Patrick Barkham explores the history and archaeology of Giant Hill, which stretches back over 10,000 years
‘Shall we do the Classic Giant? Or the Archaeological Giant? Or the Alpine Twist Giant?’
My friend Emily ran through our strolling options as we stood in the small car park on the edge of Cerne Abbas. ‘We’ve walked the hell out of this since lockdown.’
Emily is fortunate because, when locked down, she can take her daily exercise around one of the most interesting villages in England. Her walks are further enlivened by the figure cut into the chalk hill whose gigantic appendage matches the fruitiness of her language.
‘No one knows how old he is,’ said Emily of the Giant, as we ascended a steep path around the Giant’s back and into the woods – her Classic Giant round.
The Giant looks like an ancient pagan fertility symbol, but is he a 14th-century practical joke? When archaeologists excavated the trenches filled with chalk that make him, the snails at the bottom were no older than medieval.
Usually we can dig away the earth to identify clear episodes in our history, but the ground around Cerne Abbas has been so well worked that its layers mystify as well as enlighten. Emily is convinced the Giant is far older than medieval and its trenches must’ve been dug out and refilled. Why would medieval monks draw an old god on the hill?
The path we walked up began on a broad swath cut into the hillside, an ancient champagne terrace created by monks to grow vines on the south-facing slopes. Cerne’s chalk terroir matches the French region, and those old monks knew how to live well.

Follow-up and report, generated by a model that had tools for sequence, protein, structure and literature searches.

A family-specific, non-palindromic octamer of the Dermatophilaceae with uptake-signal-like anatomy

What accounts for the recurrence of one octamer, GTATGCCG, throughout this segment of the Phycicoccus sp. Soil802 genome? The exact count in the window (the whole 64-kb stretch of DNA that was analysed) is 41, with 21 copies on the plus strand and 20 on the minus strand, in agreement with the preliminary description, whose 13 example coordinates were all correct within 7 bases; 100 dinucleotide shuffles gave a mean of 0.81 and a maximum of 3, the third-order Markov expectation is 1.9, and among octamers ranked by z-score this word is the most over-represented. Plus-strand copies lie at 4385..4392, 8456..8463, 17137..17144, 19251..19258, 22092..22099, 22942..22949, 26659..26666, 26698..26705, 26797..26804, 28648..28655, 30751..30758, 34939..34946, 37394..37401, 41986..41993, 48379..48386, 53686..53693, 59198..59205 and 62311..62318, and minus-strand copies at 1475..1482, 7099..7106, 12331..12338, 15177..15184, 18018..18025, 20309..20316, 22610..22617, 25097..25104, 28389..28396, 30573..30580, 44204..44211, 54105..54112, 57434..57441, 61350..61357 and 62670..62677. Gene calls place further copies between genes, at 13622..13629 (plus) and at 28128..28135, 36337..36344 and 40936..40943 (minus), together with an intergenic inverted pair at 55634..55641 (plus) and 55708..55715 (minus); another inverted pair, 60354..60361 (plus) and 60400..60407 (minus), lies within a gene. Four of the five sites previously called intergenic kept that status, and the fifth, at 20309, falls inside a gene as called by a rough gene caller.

Further up, the path became a gorgeous green hollow way known as the Priest’s Way – the route from Cerne Abbey to the Wessex Ridgeway, the A303 of its day.
A buzzard’s call broke the stillness as we emerged from straggly hawthorns onto the hilltop. It seemed crazy that these heights were ploughed fields (I pictured the soil cascading into the valley on a wet day) but, for an amateur archaeologist such as Emily, this was paradise.
She came here religiously if it rained just after the farmer had been ploughing. The rain cleansed and buffed any ancient flint tools unearthed by the plough, revealing them to Emily’s beady eye.
For 10,000 years, people have lived on these high downs – particularly in winter, to escape the gloomy, flooded valleys – and modern ploughs have been going so deep for only 50 seasons. So there are plenty of finds here still.
We found nothing underfoot on this dry day, but enjoyed the space, peace and fine view of rolling downs and the Minterne estate in the distance.
Back on the perpetually floral, grassy downs for the descent into Cerne, Emily pointed out the Roman camp on the opposite hillside.
Like the monks, the Romans knew how to live well, she said, and the camp’s position would have provided them with the best view of the ancient Giant.
During the war, he was covered up. Today, aircraft from RNAS Yeovilton still perform admiring flypasts. It is cheering to imagine successive groups of people with vastly different beliefs all taking care of this chalk behemoth.
We finish our walk, following an avenue of limes to Cerne’s sacred well, which predates the ruins of the 1,000-year-old abbey. The only sound is a languid gog-gug-guggle of water emerging from the hillside onto ancient, iron-stained stones.
This steady trickle is why all these layers of history have accumulated here. Pagans drank the clear spring water to become pregnant. Later, Christians arrived and told their own stories about it.
When St Augustine came to Cerne, he saw humble shepherds and asked them if they would like to be refreshed with beer or water. ‘Water,’ the good men replied, and St Augustine rewarded their sobriety by thrusting his staff into the ground, from where sweet water has flowed ever since.
I drink it, cautiously, and drive on: wholly refreshed, as ever, by the simple act of taking a walk.